Form I-130 is filed by a U.S. citizen or a green card holder to establish the relationship between them and an eligible relative to help them get a Green Card. Form I-130 is just the first step in helping a relative to come and live permanently in the U.S. with a Green Card.
General process after I-130 approval
After I-130 is approved there should be immigrant visas available for the beneficiary (The person who will be getting the Green Card). If visas are available then the beneficiary can apply for the Green Card.
If the person is in the United States legally when the visas are available, then they can apply for a Green Card by filing Form I-485 to adjust their immigration status from the current status to a Green Card holder.
If the person is outside the U.S. when the visas become available then they need to apply for an immigrant visa through the process called Consular processing where the next steps are carried out through the NVC (National Visa Center) with the help of a local U.S. embassy or a U.S. Consulate.
After going through the consular processing if approved the person can come to the U.S. with an immigrant visa and become a Green Card holder after crossing the port of entry. This is the general process after form I-130 is approved.
Availability of Immigrant Visas
Immigrant Visas availability depends on the relationship between the sponsor and the beneficiary. The relationship will place each beneficiary in any one of the preference categories. Based on which category you are eligible for a Green Card and also based on the beneficiary’s birth country the number of immigrant visas available will vary.
Below is a list of categories that immigrant visas become available for the family-based Green Card process.
- Immediate Relatives
- Family Preference Immigrants
For people who fall under the immediate relative’s category, the number of visas available is unlimited. So if you fall under this category if your I-130 is approved, you can apply for the Green Card based on where you currently reside. If you are inside the U.S. legally you may apply for an adjustment of status, and if you are outside the U.S. you can follow the consular processing process to get your Green Card.
Family Preference Immigrants
There are five subcategories within the family preference category. They are
- First preference (F1) – Unmarried Sons and daughters (21 years of age and older) of U.S. citizens.
- Second preference (F2A) – Spouses and children (unmarried and under 21 years of age) of lawful permanent residents.
- Second preference (F2B) – Unmarried sons and daughters (21 years of age and older) of lawful permanent residents.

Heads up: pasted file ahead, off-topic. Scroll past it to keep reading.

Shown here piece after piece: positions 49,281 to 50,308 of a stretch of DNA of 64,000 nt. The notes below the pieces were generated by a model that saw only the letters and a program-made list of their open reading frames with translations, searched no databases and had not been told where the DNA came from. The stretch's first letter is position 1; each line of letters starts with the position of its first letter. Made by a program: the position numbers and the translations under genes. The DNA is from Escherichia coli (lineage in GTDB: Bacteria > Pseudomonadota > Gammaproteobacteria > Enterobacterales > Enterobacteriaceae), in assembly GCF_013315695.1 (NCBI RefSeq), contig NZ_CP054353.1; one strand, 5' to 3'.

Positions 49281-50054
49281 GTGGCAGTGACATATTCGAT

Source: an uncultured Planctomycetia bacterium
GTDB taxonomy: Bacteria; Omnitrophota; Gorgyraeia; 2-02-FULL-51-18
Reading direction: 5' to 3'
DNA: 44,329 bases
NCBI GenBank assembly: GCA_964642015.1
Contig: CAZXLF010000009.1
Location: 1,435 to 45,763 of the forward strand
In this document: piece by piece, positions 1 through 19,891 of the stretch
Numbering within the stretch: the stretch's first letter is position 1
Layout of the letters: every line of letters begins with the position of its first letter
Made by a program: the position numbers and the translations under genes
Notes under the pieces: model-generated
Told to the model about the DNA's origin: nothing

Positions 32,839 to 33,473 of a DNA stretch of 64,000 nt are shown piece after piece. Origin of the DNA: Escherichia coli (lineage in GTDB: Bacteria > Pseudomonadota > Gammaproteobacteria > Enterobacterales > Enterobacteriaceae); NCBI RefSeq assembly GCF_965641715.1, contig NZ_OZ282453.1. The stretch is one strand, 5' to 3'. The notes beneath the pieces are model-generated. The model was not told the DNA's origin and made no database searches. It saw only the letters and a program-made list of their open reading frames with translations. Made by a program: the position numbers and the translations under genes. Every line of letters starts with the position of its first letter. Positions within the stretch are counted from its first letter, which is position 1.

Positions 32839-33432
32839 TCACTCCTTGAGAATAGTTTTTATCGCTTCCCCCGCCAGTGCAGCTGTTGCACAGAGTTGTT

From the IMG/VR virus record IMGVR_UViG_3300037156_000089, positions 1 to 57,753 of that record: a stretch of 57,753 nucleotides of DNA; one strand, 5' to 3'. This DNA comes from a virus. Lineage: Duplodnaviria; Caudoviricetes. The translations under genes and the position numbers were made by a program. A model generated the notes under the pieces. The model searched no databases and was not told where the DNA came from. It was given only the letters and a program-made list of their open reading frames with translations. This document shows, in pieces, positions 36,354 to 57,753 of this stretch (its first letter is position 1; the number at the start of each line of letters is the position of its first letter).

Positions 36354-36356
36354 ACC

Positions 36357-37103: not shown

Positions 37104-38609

- Third preference (F3) – Married sons and daughters of U.S. citizens and
- Fourth preference (F4) – Brothers and sisters of U.S. citizens (if the U.S. citizen is 21 years of age and older).
If you fall under any of these categories the immigrant visas available will be limited. For family preference immigrants there is an annual limit of 226,000 immigrant visas. This is further split into limits for each of the preference categories and also there is a limit for the number of visas available for people from each country which is 7% of the total visas available which is shared with the employment-based preference limit. So in any particular year, there is a limit of 25,620 immigrant visas available for both the family-based preference category and employment-based preference category.
To know if you are eligible for an immigrant visa you need to check the Visa Bulletin released every month by the USCIS.
How long will it take to get a Green Card after I-130 approval?
If you are an immediate relative and inside the U.S. you can apply for adjustment of status immediately and you would get your Green Card based on the processing time of Form I-485 which could be within 2 years.
If you fall under the family preference categories it would take a minimum of 7 years for some lucky people and more than 7 years for the vast majority to get the Green Card. People from Mexico whose I-130 was approved in September 1997 are eligible for a Green Card now. So it has been 25 years for these people.
Can you speed up the process to get a Green Card?
For some people, there may be ways to speed up the process to get a Green Card which mostly will depend on the change of relationship for example marriage. This will depend entirely on the sponsor and the beneficiary.
If you are interested in speeding up the process you can connect with an immigration lawyer to understand your options.